St. George woman arrested after drug located in car

When an individual is suspected of a crime, police officers will have a warrant issued. This will allow them to search that individual's person, vehicle or home. Furthermore, this step could result in the arrest of the suspect if certain evidence is uncovered. If drugs are found on them or inside a vehicle or home, they could receive a charge for drug possession. Drug charges often mean serious penalties, so it is important to understand the situation so they could make a defense strategy.

The Washington County Drug Task Force recently served a St. George woman with a search warrant. This resulted in her arrest and a charge for drug possession. According to preliminary reports, the 28-year-old woman was served a warrant to search her vehicle in the Smith's parking lot in St. George. The search uncovered heroin, methamphetamine, Alprazolam and various items of drug paraphernalia.

Man faces charges following DUI accident in Salt Lake City

When authorities stop a driver or arrive at the scene of a crash, there are various steps they need to take in order to establish the cause of the incident or cite a driver for a traffic violation. If an officer suspects that a driver is intoxicated, they could ask the driver to go through a series of tests. Depending on the results of a field sobriety test and even a blood alcohol test, the driver could face an arrest and a DUI charge,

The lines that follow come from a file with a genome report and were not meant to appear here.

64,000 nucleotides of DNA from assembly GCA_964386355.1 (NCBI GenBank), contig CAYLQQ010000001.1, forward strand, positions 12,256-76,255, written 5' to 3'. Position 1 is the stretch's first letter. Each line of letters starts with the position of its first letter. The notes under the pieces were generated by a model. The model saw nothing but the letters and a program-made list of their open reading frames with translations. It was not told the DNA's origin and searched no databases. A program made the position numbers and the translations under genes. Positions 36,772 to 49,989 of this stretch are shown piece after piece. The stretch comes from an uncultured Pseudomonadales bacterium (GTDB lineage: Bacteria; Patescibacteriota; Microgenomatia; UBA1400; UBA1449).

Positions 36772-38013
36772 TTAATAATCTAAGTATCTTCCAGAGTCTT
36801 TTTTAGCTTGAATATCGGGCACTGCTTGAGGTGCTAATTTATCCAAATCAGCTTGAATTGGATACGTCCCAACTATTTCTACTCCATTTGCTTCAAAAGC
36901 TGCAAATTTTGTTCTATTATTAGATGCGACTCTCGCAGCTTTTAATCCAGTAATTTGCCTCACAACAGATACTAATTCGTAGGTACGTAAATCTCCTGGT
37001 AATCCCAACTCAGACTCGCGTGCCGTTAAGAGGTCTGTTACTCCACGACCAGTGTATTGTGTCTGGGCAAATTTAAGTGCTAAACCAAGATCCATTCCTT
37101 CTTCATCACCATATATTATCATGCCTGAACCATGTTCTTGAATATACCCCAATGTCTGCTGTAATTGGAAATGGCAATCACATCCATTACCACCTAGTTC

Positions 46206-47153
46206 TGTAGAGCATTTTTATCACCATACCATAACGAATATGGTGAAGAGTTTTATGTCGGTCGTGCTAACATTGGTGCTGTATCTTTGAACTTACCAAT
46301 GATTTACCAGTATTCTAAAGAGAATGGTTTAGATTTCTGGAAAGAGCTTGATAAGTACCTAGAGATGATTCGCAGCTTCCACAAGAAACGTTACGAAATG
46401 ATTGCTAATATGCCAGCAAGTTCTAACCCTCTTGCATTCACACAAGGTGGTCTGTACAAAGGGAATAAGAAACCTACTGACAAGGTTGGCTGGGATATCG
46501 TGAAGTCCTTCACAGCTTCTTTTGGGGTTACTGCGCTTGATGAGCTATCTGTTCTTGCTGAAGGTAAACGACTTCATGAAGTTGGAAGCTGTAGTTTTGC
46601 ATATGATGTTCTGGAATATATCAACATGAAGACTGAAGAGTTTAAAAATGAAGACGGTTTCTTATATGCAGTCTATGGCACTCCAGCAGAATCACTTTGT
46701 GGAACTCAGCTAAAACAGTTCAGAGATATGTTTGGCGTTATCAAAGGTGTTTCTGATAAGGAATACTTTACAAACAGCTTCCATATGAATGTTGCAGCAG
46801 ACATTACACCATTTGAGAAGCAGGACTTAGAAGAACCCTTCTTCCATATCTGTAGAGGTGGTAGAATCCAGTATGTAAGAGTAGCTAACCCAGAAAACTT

Authorities in Salt Lake arrested a 44-year-old West Valley City man for driving under the influence. This occurred after the driver was involved in an accident that resulted in the death of a 79-year-old man. Moreover, authorities believe that the suspected drunk driver caused the fatal hit-and-run accident.

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Greg Smith and Associates, Attorneys & Lawyers, Salt Lake City, UT

Greg Smith & Associates, Criminal Law Attorneys
2150 South 1300 East :: Salt Lake City UT 84106
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Greg Smith & Associates, Criminal Law Attorneys
8813 South Redwood Road C-2 :: West Jordan UT 84088
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Greg Smith & Associates, Criminal Law Attorneys
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St. George, UT 84790 :: Telephone: 435-773-1511 :: Red Cliffs Office Map :: E-mail the firm